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|Title:||Solution Studies of Meso-Tetra(p-sulphophenyl)porphine: Aggregation, Metallation and Potential Analytical Applications|
|Abstract:||<p>Meso-tetra(p-sulphophenyl)porphine (TPPS₄), a synthetic water-soluble porphyrin, has been prepared in high purity and characterized in greater detail than previously reported. Several metal complexes of TPPS₄ have been prepared by a novel heterogeneous reaction. This simple reaction was also used in the synthesis of complexes of other porphyrins.</p> <p>The solution behaviour of TPPS₄ was investigated by spectrophotometry and nuclear magnetic resonance methods, with a view toward ultimate analytical applications. In neutral or alkaline ionic media, TPPS₄ was found to dimerize, with KD = 1.58 x 10⁴ Mˉ¹. At higher concentrations, TPPS₄ was shown to aggregate further to tetrameric species, with KTT = 4-15 Mˉ¹. In acidic media, the behaviour of TPPS₄ was found to be complex and completely different from that observed in neutral media. A model involving micellization of TPPS₄ has been advanced to account for observations made in both the present work and that of other workers.</p> <p>The kinetics of metal-ion incorporation, as exemplified by the reaction of Cu(II) with TPPS₄, was studied at pH 3.55. In general, the findings agreed with those of other workers, but an initial slow reaction, not previously reported, was found to occur under conditions favouring aggregation of TPPS₄.</p> <p>The reactivity of TPPS₄ towards metal ions was examined in both neutral and acidic (pH 3.55) solutions. TPPS₄ showed kinetic and thermodynamic selectivity toward a relatively small group of metal ions, with the greatest selectivity towards Cu(II). The anionic metal complexes were found to be extractable as ion-associated species (with tetraphenyl-arsonium nitrate, for example) into organic solvents such as 1-pentanol. Based on these findings, an extraction-spectrophotometric method was developed for the determination of Cu(II), with a detection limit of 1.1 ppb. This limit compares favourably with those of atomic absorption and inductively-coupled plasma emission. With further development, the use of TPPS₄ as a complexing and preconcentration reagent in trace metal analysis appears to be most promising.</p>|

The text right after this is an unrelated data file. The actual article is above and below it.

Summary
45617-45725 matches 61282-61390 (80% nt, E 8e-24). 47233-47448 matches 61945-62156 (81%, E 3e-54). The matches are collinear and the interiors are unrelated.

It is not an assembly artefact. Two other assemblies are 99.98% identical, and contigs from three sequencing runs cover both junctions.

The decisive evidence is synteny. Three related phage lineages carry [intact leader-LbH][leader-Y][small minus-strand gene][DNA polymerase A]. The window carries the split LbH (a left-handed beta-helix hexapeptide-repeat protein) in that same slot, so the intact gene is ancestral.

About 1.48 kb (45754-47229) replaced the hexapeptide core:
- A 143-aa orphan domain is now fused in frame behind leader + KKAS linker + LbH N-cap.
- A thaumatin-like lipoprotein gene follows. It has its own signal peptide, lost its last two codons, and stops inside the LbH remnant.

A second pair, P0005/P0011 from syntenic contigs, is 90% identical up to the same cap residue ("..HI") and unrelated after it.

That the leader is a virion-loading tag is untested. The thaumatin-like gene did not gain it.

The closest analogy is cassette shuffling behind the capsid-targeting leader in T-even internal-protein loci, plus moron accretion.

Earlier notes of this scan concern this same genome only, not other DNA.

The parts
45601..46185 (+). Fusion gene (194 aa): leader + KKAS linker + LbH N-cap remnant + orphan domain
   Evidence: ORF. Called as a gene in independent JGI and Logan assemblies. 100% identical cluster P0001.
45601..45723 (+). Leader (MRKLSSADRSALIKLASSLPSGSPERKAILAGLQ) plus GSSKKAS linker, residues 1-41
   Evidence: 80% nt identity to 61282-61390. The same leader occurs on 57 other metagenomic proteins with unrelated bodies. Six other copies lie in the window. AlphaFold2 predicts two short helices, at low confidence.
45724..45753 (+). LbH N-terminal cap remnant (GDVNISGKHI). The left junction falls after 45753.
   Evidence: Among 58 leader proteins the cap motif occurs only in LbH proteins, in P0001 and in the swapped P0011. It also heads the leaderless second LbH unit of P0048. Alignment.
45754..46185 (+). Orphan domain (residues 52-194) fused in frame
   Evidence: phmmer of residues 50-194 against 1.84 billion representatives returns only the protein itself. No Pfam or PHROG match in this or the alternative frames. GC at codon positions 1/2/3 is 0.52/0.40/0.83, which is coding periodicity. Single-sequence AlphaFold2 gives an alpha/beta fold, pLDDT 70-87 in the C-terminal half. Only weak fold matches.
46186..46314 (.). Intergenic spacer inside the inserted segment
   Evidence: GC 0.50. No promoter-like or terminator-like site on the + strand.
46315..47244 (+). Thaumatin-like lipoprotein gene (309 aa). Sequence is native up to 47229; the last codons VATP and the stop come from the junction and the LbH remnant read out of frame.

|Appears in Collections:||Open Access Dissertations and Theses|
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